Yes, there was folly and foible

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Burger king corp. executives got an unusual lesson in both flame-broiling and team-building when about a dozen staffers in the marketing department burned their feet while walking over hot coals. The mishap occurred at a com-pany retreat that the Achievement Group conducted at the Ocean Reef Club in Key Larg0, Fla. The injured Burger Kingers suffered first- and second-degree burns.

P&G CLOAK-AND-DUMPSTER

Procter & Gamble Co. apologized to Unilever for a covert operation to gain competitive intelligence in the hair-care category. The operation against P&G's hair-care rival included "Dumpster diving" in a trash receptacle outside at least one Unilever marketing office. P&G shut down the $3 million operation and brought it to Unilever's attention after P&G Chairman John Pepper discovered it last April. Three employees involved in the endeavor were dismissed. The two marketing giants reached a settlement on the matter in September.

X(TREME)FL(OP)

As it turned out, the only thing really "extreme" about the Xtreme Football League was its extremely short life span. The new league, which took the World Wrestling Federation game plan of sex-and-violence theatrics from the mat to the gridiron, saw its ratings on General Electric Co.'s NBC tumble by 55% in its second week. By its seventh week, the XFL garnered what was said to be the worst prime-time rating ever for a show on the Big 3 networks. American Honda Motor Co. had left as a sponsor, and it became clear that the XFL's first season would become its last. "Had we had more time, we may have been able to do things differently," Vince McMahon, chairman of World Wrestling Federation Entertainment, said at the news conference announcing the expiring of the XFL. Advertisers weren't in the mood to be that patient. The XFL had lost an estimated $70 million.

UNRELIGIOUS ICONS

A painting that parodies Leonardo da Vinci's "Last Sup-per"-featuring ad icons instead of Jesus and his Apostles-drew complaints in suburban Chicago. "The Last Pancake Breakfast" was displayed at the Chicago Athenaeum in Schaumburg, Ill. The painting was part of Chicago artist Dick Dentzner's 13-piece "Corporate Sacrilege" collection. In the painting, Mrs. Butterworth has Jesus' spot at the table. She's flanked by characters including Aunt Jemima, the Quaker Oats Quakerman and Kellogg Co.'s Toucan Sam. Mr. Dentzner said his goal is to go after advertising, not religion. Another painting in his series features the Pillsbury Doughboy on a cross.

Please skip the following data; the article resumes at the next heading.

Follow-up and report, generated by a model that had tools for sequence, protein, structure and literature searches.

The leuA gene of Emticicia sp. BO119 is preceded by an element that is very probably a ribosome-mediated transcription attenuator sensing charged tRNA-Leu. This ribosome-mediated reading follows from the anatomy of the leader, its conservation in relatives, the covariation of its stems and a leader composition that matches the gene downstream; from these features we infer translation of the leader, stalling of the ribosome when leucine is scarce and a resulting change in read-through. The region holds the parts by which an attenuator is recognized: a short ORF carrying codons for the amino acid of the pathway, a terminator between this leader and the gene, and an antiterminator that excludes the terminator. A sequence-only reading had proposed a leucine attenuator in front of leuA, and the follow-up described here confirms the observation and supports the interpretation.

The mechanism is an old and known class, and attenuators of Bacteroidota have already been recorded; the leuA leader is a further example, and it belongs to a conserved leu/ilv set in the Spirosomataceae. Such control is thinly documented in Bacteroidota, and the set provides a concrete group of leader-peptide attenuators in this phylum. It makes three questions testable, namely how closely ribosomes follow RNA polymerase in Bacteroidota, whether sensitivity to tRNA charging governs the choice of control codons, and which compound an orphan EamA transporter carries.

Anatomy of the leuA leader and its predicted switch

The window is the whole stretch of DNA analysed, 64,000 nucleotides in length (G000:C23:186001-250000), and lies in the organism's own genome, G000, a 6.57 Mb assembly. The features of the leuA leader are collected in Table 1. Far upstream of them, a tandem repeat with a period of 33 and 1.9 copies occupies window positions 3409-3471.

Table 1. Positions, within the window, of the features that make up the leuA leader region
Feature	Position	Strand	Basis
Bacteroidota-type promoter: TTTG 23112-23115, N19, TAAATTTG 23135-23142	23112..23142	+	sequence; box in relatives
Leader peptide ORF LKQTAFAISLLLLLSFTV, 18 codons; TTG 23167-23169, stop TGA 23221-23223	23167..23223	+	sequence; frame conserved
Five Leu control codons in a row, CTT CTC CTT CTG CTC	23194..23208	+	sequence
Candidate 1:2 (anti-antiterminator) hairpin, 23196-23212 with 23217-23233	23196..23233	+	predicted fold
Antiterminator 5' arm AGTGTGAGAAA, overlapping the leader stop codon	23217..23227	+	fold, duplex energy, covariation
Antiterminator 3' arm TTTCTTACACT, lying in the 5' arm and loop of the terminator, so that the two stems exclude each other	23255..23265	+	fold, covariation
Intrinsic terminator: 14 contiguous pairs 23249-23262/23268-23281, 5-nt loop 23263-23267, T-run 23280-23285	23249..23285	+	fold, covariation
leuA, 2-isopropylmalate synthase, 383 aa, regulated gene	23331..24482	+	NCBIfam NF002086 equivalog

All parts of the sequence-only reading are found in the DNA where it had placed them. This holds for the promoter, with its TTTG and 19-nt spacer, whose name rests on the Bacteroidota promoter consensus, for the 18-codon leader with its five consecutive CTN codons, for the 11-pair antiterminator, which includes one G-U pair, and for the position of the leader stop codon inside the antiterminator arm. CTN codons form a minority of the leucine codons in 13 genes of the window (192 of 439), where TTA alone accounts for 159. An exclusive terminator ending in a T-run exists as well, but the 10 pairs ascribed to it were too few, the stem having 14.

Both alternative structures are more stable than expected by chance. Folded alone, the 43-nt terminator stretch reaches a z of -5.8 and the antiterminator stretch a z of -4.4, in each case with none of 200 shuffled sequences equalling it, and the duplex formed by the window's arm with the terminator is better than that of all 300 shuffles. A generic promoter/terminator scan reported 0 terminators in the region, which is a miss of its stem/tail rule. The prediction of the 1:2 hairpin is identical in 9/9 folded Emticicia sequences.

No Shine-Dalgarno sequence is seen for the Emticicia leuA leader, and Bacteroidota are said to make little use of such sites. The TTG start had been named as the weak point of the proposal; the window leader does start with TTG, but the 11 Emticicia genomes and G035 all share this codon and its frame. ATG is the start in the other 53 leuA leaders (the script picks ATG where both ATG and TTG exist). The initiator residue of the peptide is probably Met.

maytagging along

After a lonely vigil that lasted 34 years, the Maytag repairman got a buff apprentice in 2001. Maytag Co. and Bcom3 Group's Leo Burnett USA, Chicago, introduced the next generation in washing-machine maintenance man via a commercial that broke Jan. 15. Explained Mark Buss, VP-strategic marketing at Maytag Appliances: "Whereas Ol' Lonely is a beloved icon that has long stood for Maytag's dependability, the apprentice character and his relentless pursuit of perfection will come to embody innovative Maytag solutions."

big blue guerRilla

An IBM guerrilla marketing effort ran afoul of officials in several large cities. Images of hearts, peace signs and penguins were spray-painted on sidewalks in Boston, Chicago, New York and San Francisco to promote a new Linux operating system. While Big Blue and WPP Group's Ogilvy & Mather, New York, considered the images to be advertising, city officials labeled them graffiti. IBM said the drawings were supposed to have been made with biodegradable chalk, and it halted the campaign. The computer giant also agreed to pay the city of San Francisco more than $100,000 and Chicago got another $18,000.

honoring crazy horse

SBC Holdings apologized for its use of the Crazy Horse name as a malt liquor brand the old-fashioned way-by offering blankets, horses and tobacco to the Crazy Horse estate. Native Americans had sued the brewer for using the name of the 19th century Oglala Sioux hero, who defeated George Custer at Little Big Horn. No money was included in the settlement with the Lakota Sioux.